Each user interface (UI) had to be designed for a specific platform. That means for each platform, we used dedicated modules and components. The same set of initial features had to be rebuilt each time for new platforms. Different interaction techniques (mouse click, left- and right-hand controllers and gestures) distinguish one platform from another. The city system was designed to be one multiplatform project wherein the same tools and features are available for each platform.
How long have you been working on it?
The project was developed in three years (excluding preparation of the Dublin 3D model, which started before the BCD project) to evolve and reach the current state.
What purpose does it service – it, what can it be used for?
The Building City Dashboards project is focused on delivering tools and features for city planners, thereby engaging public and potential stakeholders in Dublin. The City System can facilitate the decision-making process by pre-planning techniques based on adding buildings to the city, simulating shadow and visibility, flood resilience, and exploring currently available data sets. The public can easily access the data via City System – statistical (employment rate, etc.) or in real time (mainly from the sensors located in the city).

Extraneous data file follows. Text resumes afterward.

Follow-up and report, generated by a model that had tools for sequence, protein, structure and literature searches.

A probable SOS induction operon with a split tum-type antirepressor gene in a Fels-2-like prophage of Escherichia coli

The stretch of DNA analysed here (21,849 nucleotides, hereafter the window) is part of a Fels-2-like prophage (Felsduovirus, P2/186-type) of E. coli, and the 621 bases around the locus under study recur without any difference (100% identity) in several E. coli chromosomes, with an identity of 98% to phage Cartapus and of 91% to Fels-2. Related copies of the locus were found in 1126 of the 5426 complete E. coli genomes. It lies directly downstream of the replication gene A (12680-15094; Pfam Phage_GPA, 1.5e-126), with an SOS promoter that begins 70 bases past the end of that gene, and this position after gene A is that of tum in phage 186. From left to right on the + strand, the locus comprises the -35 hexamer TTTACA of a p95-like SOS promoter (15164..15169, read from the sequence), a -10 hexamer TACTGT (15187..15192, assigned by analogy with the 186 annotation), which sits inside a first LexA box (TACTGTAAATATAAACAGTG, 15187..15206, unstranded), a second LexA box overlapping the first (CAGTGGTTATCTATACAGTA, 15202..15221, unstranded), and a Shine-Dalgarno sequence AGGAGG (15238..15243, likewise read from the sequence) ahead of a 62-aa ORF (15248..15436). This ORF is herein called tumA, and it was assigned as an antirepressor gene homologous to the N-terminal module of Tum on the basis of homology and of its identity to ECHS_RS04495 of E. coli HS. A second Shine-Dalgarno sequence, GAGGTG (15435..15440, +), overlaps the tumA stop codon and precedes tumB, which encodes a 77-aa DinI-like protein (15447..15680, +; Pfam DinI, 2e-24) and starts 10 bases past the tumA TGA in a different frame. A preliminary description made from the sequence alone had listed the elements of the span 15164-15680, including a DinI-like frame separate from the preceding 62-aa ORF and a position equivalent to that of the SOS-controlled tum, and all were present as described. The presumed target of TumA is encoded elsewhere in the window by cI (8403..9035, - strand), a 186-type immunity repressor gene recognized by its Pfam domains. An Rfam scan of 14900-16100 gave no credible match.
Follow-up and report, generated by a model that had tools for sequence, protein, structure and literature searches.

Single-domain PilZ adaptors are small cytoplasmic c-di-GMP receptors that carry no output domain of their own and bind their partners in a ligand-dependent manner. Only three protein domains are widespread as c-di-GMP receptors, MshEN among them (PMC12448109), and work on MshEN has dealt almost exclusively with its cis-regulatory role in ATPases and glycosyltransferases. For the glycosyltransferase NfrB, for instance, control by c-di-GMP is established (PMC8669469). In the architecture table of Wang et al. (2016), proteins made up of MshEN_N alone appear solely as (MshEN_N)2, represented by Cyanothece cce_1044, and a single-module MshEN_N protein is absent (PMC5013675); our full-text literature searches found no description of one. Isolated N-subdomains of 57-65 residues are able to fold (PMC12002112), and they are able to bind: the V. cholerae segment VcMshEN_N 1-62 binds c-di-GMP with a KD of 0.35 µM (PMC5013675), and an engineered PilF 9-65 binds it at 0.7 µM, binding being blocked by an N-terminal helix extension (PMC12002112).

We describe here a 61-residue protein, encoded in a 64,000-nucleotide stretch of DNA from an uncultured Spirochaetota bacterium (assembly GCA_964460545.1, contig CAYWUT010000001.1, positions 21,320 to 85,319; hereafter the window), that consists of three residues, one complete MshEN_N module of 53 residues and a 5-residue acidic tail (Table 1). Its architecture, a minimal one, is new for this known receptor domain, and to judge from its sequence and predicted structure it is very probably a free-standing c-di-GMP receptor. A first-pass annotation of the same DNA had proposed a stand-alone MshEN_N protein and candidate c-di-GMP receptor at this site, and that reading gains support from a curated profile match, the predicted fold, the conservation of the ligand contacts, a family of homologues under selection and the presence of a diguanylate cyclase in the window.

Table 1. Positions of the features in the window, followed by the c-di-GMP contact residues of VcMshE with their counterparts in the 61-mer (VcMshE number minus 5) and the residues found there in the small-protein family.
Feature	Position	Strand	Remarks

Based on the data, people can make decisions where in the city is better to live (lower noise level/pollution), investors can decide about the areas for investment (property price rental data), the city council can plan the strategy in the city (land use zones), etc. BCD VR has a very useful tool for city planners called real-time procedural building generator. We can choose roof type (whether there is an attic or not), the initial foundation shape and the number of floors. This tool is very useful for city planners to simulate landscape in the city by adding new concepts and analyzing visibility and shadows with an estimation of how new buildings will influence the existing city landscape.
What MR-VR tools are used?